Prejudgment interest is recoverable at a rate of 12% per annum determined "from the date of commencement of the action." Mass.Gen.L. ch. 231, § 6B. Plaintiffs request an award of $5,104.10 in prejudgment interest, calculated from the July 17, 1998 filing of the complaint. (Docket Entry # 30). Twelve percent of $25,000 is $3,000. The first year therefore resulted in a prejudgment interest figure of $3,000. There are 257 days from July 17, 1999 to March 30, 2000.[22] Prejudgment interest accrued in a daily amount of $8.22 resulting in a total amount of $2,112.54 for 257 days. Accordingly, plaintiffs are entitled to recover prejudgment interest in the total amount of $5,112.54.[23]

 
CONCLUSION

In accordance with the foregoing discussion, the motion for a remittitur or for a new trial (Docket Entry # 35) is DENIED. The motion to amend (Docket Entry # 30) is ALLOWED insofar as it seeks an award of prejudgment interest. A final judgment in the amount of $30,112.54 shall enter forthwith.

NOTES

[1] As acknowledged by plaintiffs' counsel, however, there was no evidence that Dr. Brayman incurred $500 in medical expenses due to the injuries to his throat. Although the jury heard defendant's counsel in opening statement represent that the Falmouth Hospital's bills totaled $500, there was no other reference to the amount of Dr. Brayman's medical bills for his throat, including the cost of the computerized tomography examination ("CT scan"), or Dr. Erica R. Thaler's treatment. Accordingly, it is improper to rely on such a comparison.

[2] Defendant's counsel cited two cases, McClam v. City of Norfolk Police Department, 877 F. Supp. 277 (E.D.Va.1995), and Bradley v. Carydale Enterprises, 730 F. Supp. 709 (E.D.Va.1989), cited by the Fourth Circuit in Hetzel v. County of Prince William, 89 F.3d 169, 173 (4th Cir.1996), rev'd, 523 U.S. 208, 118 S. Ct. 1210, 140 L. Ed. 2d 336 (1998). Because the cases involved injuries different from those of Dr. Brayman as well as different locations and dates of trial, see Gutierrez-Rodriguez v. Cartagena, 882 F.2d 553, 579 (1st Cir.1989), discussed infra, they were not particularly helpful. See McClam v. City of Norfolk Police Department, 877 F. Supp. at 284 (bench trial wherein court awarded $15,000 for emotional distress and humiliation, in addition to $900 damages for tangible losses, to the plaintiff, a police officer alleging retaliatory discrimination); Bradley v. Carydale Enterprises, 730 F. Supp. at 726-727 (bench trial wherein court awarded $9,000 for injuries suffered by the plaintiff from verbal abuse, use of racial epithets and eviction attempt in racial discrimination action).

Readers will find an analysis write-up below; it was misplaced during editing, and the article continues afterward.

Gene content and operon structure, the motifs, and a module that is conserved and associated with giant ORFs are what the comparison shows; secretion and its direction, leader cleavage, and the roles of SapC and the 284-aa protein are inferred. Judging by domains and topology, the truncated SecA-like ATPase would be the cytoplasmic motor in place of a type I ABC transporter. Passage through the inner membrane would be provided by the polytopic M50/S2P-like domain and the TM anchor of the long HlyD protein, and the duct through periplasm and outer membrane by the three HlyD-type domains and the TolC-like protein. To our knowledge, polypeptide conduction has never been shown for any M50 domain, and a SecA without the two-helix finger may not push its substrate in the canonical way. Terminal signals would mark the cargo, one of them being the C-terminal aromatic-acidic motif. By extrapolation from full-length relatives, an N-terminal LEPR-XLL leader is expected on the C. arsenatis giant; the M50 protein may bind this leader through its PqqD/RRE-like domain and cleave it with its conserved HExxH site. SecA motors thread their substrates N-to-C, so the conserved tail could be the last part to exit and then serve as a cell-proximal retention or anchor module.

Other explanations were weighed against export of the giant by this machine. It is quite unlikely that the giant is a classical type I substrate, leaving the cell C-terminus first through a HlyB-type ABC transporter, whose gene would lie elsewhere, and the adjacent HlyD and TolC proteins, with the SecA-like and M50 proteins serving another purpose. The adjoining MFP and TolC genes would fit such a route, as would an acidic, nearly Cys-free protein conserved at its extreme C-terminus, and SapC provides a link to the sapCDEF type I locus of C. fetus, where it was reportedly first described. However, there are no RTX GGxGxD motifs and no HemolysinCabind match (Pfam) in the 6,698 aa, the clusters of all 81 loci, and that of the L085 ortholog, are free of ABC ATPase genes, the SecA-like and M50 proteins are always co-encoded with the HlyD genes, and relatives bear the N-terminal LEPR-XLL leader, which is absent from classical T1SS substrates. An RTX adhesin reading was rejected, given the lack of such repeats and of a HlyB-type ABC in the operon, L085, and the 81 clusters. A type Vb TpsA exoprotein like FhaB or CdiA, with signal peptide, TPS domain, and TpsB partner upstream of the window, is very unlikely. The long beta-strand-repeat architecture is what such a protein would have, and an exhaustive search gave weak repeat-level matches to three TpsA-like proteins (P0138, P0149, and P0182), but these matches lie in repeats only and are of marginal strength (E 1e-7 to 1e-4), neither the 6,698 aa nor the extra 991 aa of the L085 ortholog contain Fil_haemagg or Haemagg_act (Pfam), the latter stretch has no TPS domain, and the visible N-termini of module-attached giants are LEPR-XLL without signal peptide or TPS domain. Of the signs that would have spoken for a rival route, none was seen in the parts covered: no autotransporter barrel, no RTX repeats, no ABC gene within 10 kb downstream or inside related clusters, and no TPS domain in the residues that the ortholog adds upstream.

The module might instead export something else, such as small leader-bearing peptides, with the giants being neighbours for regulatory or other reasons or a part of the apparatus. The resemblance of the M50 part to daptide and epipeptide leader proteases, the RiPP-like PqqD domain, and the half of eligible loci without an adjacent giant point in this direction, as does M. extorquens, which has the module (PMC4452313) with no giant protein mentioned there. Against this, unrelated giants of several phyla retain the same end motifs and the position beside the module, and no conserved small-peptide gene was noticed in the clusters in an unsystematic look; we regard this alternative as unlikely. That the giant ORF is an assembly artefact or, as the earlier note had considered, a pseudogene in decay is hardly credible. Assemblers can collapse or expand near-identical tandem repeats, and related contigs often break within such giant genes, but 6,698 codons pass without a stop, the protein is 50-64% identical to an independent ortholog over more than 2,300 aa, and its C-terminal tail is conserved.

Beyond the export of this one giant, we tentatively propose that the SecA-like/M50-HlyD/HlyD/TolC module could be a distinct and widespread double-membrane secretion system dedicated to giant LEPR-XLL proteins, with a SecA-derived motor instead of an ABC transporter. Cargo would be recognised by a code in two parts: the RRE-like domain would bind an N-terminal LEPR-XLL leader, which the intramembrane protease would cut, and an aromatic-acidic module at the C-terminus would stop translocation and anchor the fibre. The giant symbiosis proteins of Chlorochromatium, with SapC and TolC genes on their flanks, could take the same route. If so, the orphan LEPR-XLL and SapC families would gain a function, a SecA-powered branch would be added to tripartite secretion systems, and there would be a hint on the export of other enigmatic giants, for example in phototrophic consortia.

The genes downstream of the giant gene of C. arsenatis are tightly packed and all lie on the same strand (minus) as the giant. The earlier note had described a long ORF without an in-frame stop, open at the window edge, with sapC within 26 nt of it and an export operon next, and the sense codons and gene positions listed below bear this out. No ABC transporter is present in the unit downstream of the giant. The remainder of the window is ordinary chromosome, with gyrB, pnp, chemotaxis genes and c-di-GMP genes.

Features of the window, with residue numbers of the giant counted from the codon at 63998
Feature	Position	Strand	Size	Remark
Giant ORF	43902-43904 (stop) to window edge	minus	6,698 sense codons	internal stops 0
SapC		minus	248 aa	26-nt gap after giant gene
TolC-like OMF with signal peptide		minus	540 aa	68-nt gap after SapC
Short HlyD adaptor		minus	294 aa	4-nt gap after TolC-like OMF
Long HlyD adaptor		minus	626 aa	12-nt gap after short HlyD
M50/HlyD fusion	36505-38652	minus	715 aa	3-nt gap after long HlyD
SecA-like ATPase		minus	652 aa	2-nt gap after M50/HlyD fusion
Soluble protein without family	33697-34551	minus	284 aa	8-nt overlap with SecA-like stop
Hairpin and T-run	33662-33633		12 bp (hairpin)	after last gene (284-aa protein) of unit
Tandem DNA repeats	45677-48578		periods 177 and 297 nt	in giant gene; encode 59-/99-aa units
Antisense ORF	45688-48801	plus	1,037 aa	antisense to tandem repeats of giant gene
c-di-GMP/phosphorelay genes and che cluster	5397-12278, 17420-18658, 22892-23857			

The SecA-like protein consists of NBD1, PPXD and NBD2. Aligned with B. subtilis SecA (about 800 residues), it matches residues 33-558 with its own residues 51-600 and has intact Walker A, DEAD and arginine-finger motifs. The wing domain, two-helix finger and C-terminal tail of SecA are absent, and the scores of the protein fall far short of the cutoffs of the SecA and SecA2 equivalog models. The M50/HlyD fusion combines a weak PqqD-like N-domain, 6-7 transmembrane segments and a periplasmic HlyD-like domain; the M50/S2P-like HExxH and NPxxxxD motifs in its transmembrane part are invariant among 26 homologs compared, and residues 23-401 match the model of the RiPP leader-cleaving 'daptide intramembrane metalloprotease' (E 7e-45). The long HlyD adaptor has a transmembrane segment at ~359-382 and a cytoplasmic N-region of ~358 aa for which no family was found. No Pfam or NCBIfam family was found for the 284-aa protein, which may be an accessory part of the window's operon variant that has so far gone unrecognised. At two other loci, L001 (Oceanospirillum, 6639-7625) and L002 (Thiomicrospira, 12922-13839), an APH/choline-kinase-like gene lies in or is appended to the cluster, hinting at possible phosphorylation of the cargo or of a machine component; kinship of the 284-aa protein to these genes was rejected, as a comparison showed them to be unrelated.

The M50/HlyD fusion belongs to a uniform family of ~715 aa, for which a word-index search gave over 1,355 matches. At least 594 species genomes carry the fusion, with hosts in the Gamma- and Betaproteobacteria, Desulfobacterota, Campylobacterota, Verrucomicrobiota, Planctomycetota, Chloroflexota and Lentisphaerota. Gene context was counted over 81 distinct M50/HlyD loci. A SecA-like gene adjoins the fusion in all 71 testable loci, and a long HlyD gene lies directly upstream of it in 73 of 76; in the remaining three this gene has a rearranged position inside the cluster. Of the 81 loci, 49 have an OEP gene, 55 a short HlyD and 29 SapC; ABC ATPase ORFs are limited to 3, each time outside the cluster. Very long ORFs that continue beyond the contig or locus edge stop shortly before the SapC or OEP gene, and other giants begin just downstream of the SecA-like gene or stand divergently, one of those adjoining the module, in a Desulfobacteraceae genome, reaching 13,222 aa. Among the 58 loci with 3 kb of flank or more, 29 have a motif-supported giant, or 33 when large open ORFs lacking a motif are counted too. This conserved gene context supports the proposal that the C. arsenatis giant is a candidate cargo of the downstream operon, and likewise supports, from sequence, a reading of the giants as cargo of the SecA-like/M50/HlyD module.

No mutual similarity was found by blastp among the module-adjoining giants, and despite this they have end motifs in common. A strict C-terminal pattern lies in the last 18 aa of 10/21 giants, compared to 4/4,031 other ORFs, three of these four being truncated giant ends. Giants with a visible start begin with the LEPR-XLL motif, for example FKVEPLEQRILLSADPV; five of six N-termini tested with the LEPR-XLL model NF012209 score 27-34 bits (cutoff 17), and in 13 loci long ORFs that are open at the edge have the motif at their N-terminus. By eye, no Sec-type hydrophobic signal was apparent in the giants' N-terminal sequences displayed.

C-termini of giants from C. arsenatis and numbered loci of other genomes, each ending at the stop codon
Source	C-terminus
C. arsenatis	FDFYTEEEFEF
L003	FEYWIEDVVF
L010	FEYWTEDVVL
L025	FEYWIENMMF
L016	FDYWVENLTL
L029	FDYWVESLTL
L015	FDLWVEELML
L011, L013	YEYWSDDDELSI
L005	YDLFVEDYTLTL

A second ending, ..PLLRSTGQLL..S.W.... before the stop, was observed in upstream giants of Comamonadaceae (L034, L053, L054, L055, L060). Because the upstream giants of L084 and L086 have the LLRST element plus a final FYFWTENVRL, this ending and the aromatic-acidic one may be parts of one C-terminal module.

[3] For purposes of ruling on defendant's motion for remittitur or a new trial on damages, this court views the evidence in plaintiffs' favor. This summary of the evidence is not exhaustive and, in reaching a ruling, this court considered all of the evidence admitted during the three day trial.

[4] In contrast, Dr. Erica R. Thaler's initial visit note states that Dr. Brayman "has not been on antibiotics" and "has not had any fevers." (Ex. B).

[5] The diagnosis in the medical records reads, "Abdominal pain, rule out pulmonary embolism." (Ex. C). The medical history notes in the Bryn Mawr Hospital's medical records further reflect that, Dr. Brayman "denies ... cough or sore throat." (Ex. C).

[6] According to Dr. Brayman, not a day goes by that he doesn't worry about having another DVT. According to Dr. Brayman, the consequences of DVT include developing post phlebitic syndrome and recurrent episodes of DVT.

[7] A pulmonary embolism is an embolism which breaks off from the primary site of the blood clot and travels to the lung.

[8] Dr. David C. Brewster ("Dr. Brewster") is a board certified physician in general surgery with subspecialty training in vascular surgery. He is a clinical professor of surgery at Massachusetts General Hospital and the Harvard Medical School. Dr. Leonard Ellman is a board certified physician in internal medicine and in hematology. A former director of the hematology laboratories at Massachusetts General Hospital, he is currently in clinical practice on a full time basis. He is also a senior physician at Massachusetts General Hospital.

Dr. Brewster opined, to a reasonable degree of medical certainty, that the cause of Dr. Brayman's DVT is not identifiable or, stated otherwise, is idiopathic where no definite cause can be established. Dr. Brewster did not believe that Dr. Brayman's June 1 injury was causally related to his DVT.

Similarly, Dr. Ellman testified that Dr. Brayman's June 1 injury is unrelated to his DVT. According to Dr. Ellman, there is no supporting evidence in the medical literature that a throat inflammation causes DVT. In Dr. Ellman's opinion, the cause of Dr. Brayman's DVT is unknown or, in other words, idiopathic.

[9] In particular, the jury answered "No" to the following special verdict question:

Do you find from a preponderance of the evidence that Dr. Brayman has proven that the negligence of the defendant, 99 West, Inc., was a proximate cause of Dr. Brayman's deep vein thrombosis and/or pulmonary embolism?

[10] According to Dr. Brayman, his DVT condition makes him feel that he is constantly putting himself at risk.